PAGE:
After living in California for more than 40 years, Geri Russo packed up, got rid of all her male clothes and moved to Florida.
"That’s the best thing that I’ve ever done," she said. And after a battle with prostate cancer, Russo took it as a sign to fully transition from male to female.
When she began her transition at age 74, the doctor she went to didn’t want to talk to her about it.
"‘You’re too old’ is what she told me," said Russo, now 76, retired and living in Pinellas Park. "She just refused to help."
In May, the Biden administration restored protections for transgender people like Russo, affirming that gay and transgender patients are included under federal law that prohibits discrimination in health care on the basis of sex.
The move reverses a determination by the Trump administration that a person’s "sex" is the gender they were assigned at birth. It is aimed at boosting the quality of health care afforded to LGBTQ patients — a group of people hit hard by myriad health inequities.
Tackling health disparities
"Subgroups within the LGBTQ community are subject to their own disparities," said Dr. Jonathan Appelbaum, a professor at the Florida State University College of Medicine who studies health within the community.
Two-thirds of new HIV cases are among men who have sex with men, and minority communities are hit particularly hard, Appelbaum said. More specifically, "trans women of color have a higher rate of sexually transmitted infection."
But looking at sexually transmitted diseases as the only health disparity in the community is misleading, he said.
A lack of gender-affirming care often pushes LGBTQ patients away from seeking the medical treatment they need, further exacerbating other disparities.
Less frequent use of preventive care like mammograms and annual wellness exams puts lesbian and bisexual women at greater risk for certain illnesses. And they’re at greater risk for obesity, increased alcohol use and smoking, which increase the likelihood of developing breast cancer, data shows.
A major factor impacting whether patients seek care is how inclusive the health care environment is.
"When people don’t access regular health care, their health outcomes are poor," said Luke Johnson, medical director for Metro Inclusive Health, a local LGBTQ-focused health and wellness center.
"Certainly discrimination is a huge barrier," particularly for LGBTQ patients of color, he said.
It causes some to delay necessary treatment or avoid routine checkups.
Sometimes transgender patients or others who don’t conform to gender norms may find themselves in settings where their pronouns aren’t respected or they’re being misgendered, Johnson said.
"Even if you don’t deny medical care to this patient," he said, "how comfortable are they going to feel coming to that hospital, to that emergency room, to that practice?"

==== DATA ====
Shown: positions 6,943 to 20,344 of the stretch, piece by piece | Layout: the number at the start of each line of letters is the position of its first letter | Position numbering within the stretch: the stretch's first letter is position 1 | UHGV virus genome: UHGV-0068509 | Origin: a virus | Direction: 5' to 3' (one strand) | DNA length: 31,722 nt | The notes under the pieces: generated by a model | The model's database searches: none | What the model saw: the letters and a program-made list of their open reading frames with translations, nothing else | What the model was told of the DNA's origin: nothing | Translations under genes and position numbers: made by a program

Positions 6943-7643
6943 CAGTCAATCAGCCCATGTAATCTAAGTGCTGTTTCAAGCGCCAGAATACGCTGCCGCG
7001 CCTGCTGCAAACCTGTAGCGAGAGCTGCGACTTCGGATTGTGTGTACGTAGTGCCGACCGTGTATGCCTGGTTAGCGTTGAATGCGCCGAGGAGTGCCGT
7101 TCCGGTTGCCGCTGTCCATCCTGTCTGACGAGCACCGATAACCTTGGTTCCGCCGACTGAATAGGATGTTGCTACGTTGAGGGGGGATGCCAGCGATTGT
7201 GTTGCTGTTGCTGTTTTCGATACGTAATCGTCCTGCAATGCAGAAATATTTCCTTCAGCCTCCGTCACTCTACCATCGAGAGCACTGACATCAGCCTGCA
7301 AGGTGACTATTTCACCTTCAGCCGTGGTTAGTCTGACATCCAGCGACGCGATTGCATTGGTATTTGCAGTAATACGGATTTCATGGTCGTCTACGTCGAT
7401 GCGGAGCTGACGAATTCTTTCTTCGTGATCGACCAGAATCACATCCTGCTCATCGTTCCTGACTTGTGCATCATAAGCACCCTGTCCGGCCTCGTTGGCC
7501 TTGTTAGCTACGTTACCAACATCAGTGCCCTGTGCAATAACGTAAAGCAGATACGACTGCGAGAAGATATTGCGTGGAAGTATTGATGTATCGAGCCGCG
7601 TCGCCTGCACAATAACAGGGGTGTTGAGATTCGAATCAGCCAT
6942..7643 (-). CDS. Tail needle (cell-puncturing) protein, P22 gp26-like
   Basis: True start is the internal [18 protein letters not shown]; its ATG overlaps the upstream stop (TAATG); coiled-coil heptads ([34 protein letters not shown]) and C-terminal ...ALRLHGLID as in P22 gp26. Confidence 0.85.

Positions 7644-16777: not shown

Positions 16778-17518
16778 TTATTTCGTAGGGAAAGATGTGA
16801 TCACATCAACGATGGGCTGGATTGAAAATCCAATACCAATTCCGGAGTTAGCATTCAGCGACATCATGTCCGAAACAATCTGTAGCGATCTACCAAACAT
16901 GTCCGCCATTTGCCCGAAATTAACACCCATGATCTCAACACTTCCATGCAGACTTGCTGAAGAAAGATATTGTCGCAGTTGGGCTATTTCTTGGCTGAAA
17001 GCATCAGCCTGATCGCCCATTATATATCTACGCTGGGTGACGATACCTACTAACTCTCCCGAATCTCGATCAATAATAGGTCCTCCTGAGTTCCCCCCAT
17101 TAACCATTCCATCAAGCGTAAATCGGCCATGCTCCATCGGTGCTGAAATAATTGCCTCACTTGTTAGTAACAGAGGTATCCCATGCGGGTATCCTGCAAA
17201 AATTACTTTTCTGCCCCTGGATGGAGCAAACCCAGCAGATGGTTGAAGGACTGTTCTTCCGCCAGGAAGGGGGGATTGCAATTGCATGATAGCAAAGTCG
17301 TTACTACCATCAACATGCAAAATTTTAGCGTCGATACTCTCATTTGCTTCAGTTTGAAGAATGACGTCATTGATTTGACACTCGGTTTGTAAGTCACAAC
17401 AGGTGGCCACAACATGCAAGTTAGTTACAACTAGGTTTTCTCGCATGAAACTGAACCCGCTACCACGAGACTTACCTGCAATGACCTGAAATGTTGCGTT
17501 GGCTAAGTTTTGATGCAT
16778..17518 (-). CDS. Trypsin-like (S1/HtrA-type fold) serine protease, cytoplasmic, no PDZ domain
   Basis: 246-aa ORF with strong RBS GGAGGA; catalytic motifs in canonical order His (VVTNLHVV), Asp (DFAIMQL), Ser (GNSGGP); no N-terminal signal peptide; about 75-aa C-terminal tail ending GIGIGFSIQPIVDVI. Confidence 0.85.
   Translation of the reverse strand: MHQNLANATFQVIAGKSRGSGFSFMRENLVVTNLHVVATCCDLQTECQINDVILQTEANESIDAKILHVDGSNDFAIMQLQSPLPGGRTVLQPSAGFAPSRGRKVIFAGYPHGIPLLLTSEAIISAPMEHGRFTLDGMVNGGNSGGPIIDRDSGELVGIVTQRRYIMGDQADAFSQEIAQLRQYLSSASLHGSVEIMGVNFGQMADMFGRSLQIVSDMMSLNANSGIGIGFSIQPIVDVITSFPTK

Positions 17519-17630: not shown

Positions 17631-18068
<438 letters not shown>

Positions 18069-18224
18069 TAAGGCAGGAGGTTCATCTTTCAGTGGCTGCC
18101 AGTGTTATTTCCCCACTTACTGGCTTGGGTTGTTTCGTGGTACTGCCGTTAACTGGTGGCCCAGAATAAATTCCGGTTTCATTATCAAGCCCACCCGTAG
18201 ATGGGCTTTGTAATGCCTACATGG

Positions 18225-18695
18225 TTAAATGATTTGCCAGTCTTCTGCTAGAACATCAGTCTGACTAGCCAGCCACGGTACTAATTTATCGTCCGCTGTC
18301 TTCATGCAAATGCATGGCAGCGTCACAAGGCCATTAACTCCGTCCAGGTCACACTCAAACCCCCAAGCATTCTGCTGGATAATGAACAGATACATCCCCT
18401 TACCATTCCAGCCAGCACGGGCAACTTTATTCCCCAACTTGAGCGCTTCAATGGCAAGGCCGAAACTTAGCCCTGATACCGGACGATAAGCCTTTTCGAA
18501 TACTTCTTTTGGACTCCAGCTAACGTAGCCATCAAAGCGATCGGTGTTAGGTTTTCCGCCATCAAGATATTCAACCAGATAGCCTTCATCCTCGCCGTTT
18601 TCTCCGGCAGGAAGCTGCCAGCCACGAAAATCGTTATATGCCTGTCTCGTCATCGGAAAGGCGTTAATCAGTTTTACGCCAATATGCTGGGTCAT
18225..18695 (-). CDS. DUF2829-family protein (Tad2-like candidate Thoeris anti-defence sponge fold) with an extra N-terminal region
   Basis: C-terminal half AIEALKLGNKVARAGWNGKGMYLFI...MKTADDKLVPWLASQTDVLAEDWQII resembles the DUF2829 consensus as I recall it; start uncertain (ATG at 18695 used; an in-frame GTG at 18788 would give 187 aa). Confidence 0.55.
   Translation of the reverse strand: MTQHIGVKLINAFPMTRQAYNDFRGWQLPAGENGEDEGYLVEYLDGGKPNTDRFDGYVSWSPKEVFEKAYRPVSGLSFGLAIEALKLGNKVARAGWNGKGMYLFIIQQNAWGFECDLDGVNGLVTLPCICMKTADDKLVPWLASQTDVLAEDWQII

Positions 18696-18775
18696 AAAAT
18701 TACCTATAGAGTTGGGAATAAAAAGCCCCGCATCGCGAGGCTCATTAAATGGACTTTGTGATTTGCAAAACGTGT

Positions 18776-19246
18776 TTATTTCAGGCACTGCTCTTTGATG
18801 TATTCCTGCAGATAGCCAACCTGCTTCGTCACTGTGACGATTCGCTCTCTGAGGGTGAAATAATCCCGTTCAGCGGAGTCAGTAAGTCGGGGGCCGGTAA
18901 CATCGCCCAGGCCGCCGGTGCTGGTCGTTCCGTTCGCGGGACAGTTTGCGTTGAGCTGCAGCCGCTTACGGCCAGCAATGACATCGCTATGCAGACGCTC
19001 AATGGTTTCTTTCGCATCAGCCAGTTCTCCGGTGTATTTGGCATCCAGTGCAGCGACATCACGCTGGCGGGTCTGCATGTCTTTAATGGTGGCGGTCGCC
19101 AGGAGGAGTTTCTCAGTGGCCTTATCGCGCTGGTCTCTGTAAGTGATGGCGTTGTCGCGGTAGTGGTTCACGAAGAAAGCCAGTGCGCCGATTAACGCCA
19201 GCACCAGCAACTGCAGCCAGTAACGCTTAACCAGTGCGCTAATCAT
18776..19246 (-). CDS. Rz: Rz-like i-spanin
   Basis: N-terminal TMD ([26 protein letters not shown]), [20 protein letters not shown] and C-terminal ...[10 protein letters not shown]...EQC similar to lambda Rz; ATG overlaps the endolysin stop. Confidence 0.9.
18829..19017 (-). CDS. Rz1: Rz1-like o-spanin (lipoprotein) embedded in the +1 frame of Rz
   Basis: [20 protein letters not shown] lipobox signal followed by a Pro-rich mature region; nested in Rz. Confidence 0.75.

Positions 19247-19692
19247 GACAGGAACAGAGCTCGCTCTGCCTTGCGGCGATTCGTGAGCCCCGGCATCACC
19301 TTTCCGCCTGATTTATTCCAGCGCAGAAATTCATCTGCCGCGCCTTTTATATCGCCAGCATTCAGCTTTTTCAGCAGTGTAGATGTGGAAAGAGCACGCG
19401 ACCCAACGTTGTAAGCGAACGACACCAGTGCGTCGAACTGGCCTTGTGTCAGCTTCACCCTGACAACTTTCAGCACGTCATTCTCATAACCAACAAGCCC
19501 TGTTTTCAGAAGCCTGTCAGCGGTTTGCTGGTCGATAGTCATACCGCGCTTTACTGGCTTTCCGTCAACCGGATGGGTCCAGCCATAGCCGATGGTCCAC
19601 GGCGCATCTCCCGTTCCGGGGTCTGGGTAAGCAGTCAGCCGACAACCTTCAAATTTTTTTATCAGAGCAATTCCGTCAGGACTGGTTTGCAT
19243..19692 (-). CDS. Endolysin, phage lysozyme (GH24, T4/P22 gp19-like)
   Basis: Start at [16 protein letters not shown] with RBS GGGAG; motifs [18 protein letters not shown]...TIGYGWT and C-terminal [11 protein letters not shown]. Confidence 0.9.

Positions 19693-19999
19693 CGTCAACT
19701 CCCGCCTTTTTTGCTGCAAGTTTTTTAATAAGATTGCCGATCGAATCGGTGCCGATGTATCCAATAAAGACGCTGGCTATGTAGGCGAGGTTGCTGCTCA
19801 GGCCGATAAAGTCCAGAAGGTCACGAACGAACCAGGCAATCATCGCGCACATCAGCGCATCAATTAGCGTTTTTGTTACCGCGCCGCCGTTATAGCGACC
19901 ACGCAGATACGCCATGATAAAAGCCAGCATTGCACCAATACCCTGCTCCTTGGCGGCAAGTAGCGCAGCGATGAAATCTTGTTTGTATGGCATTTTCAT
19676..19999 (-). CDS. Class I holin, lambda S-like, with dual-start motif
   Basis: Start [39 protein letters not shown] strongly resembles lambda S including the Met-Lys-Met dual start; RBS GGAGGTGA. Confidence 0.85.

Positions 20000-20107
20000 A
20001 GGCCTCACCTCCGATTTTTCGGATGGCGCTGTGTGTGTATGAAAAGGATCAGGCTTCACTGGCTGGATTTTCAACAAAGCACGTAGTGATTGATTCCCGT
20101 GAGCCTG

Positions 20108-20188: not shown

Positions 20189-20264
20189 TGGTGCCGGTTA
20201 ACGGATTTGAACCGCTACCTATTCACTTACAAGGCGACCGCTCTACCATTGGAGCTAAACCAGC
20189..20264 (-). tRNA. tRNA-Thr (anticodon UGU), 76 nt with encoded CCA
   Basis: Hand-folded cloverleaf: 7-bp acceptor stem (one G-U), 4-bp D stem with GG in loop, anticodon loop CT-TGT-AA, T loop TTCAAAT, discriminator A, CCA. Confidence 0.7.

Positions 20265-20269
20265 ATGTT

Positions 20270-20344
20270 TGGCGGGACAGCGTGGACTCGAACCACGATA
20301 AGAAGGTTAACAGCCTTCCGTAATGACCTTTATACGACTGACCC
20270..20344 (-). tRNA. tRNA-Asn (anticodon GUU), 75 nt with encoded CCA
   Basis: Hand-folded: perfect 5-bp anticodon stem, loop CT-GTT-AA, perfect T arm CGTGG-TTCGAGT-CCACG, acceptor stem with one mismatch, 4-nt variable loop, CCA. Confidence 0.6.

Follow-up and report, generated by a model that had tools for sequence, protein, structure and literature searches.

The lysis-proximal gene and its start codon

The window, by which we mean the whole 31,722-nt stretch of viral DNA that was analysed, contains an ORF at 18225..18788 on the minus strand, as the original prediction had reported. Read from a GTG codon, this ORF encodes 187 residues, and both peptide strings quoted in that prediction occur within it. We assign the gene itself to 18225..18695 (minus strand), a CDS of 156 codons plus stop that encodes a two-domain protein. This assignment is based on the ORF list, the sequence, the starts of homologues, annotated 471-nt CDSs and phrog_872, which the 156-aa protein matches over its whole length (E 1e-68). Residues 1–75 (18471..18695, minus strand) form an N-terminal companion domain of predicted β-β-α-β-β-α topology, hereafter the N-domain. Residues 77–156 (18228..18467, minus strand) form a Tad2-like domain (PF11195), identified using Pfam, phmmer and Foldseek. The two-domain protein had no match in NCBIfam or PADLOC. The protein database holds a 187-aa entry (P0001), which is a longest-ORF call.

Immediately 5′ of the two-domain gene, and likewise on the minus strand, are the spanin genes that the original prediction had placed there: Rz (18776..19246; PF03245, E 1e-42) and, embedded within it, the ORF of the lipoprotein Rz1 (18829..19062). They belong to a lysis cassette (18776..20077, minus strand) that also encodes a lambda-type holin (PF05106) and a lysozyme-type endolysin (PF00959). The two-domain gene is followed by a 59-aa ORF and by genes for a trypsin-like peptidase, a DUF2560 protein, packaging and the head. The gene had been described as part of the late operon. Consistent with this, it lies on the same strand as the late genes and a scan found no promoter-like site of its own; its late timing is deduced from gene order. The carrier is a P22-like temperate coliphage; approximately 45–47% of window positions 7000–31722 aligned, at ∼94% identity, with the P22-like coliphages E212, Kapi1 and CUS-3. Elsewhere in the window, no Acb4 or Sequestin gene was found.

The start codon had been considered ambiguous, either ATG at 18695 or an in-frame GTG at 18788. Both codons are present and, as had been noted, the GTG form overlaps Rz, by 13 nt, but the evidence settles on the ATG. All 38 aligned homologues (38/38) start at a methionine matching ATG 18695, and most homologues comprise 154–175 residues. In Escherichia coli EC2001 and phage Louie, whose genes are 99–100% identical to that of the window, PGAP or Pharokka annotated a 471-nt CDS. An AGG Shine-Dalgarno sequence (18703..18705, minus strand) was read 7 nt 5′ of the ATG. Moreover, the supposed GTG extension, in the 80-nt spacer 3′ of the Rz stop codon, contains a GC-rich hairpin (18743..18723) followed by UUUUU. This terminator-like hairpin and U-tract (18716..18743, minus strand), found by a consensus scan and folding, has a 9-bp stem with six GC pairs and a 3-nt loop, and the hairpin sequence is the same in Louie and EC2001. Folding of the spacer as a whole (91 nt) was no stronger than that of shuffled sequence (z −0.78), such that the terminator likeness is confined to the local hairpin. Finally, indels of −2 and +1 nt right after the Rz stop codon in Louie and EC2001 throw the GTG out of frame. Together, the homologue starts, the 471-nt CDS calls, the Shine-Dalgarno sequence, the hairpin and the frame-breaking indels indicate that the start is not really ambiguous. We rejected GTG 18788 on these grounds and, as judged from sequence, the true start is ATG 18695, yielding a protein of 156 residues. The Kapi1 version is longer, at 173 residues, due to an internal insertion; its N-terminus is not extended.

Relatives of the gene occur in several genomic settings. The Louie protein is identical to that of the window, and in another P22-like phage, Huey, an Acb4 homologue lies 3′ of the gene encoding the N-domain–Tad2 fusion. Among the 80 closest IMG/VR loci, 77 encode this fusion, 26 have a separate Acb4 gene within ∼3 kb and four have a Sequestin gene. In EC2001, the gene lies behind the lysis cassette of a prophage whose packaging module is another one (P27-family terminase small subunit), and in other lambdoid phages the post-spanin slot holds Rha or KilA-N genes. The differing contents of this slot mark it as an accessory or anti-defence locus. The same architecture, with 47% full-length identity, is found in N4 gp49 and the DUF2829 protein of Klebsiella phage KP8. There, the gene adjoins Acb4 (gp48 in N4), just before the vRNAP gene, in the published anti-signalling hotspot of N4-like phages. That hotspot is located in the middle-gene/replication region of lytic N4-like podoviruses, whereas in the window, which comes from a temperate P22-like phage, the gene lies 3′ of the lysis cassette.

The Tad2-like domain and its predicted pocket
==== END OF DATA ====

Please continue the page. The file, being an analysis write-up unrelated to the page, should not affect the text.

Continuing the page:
The majority of people who come to a medical clinic do so because they’re not feeling well, Johnson said. "That patient is already stressed."
Misgendering and misuse of patients’ pronouns piles onto the anxiety.
"Some of these individuals won’t even seek medical help because of their fear of being either victimized or being discriminated against, or they have already been discriminated against at some point," said Dr. Raul Fernandez, who will be joining the University of South Florida faculty in July as an assistant professor.
Understanding unique needs
Because health care is so geared toward treating heterosexual men and women, members of the LGBTQ community are often underrepresented in medicine and under-researched, he said.
But high-quality health services can be offered to LGBTQ patients, not only by providers who identify similarly, but by those who are willing to learn about the unique needs facing the community, experts say.
Beyond the physical health implications, the discrimination contributes to stark concerns about mental health. LGBTQ youth, in particular, are at increased risk for self-harm, suicidal ideation and suicide.
Services for transgender patients, such as transition-related care and surgeries, are where it’s most common for a provider to decline treatment, frequently citing religious beliefs, said Joe Saunders, senior political director at Equality Florida. Biden’s new policy is a reversal of that.
"In Florida right now," said Saunders, "I can’t think of a more important signal for transgender Floridians, specifically transgender youth to get."
Russo, the transgender woman, has found a safe environment at Metro Inclusive Health. "Nobody’s judgmental over there," she said. It was purely by accident that she found the center.
A lady in Russo’s psychiatrist’s office recommended she check out their services one day. When she did, she found support groups for people old and young, male and female.
"I met other girls in the same position as I am," she said. And after support group meetings, they would go to the restaurant around the corner to hang out and chat.
"It was a real confidence builder," Russo said. "I never really had that much confidence in myself as a man."
In the past, Russo hasn’t gotten particularly upset when health care providers initially misused her pronouns because they perceived her voice as masculine. And being only 5 feet, 5 inches tall and less than 150 pounds, she feels she has it easier than transgender women who are taller and might face more discrimination.
"It’s hard for girls in the community to find doctors that are accepting of us," she said. "We’re just human beings. We just want to be treated as human beings."
The Foundation for a Healthy St. Petersburg provides partial funding for Times stories on equity. It does not select story topics and is not involved in the reporting or editing.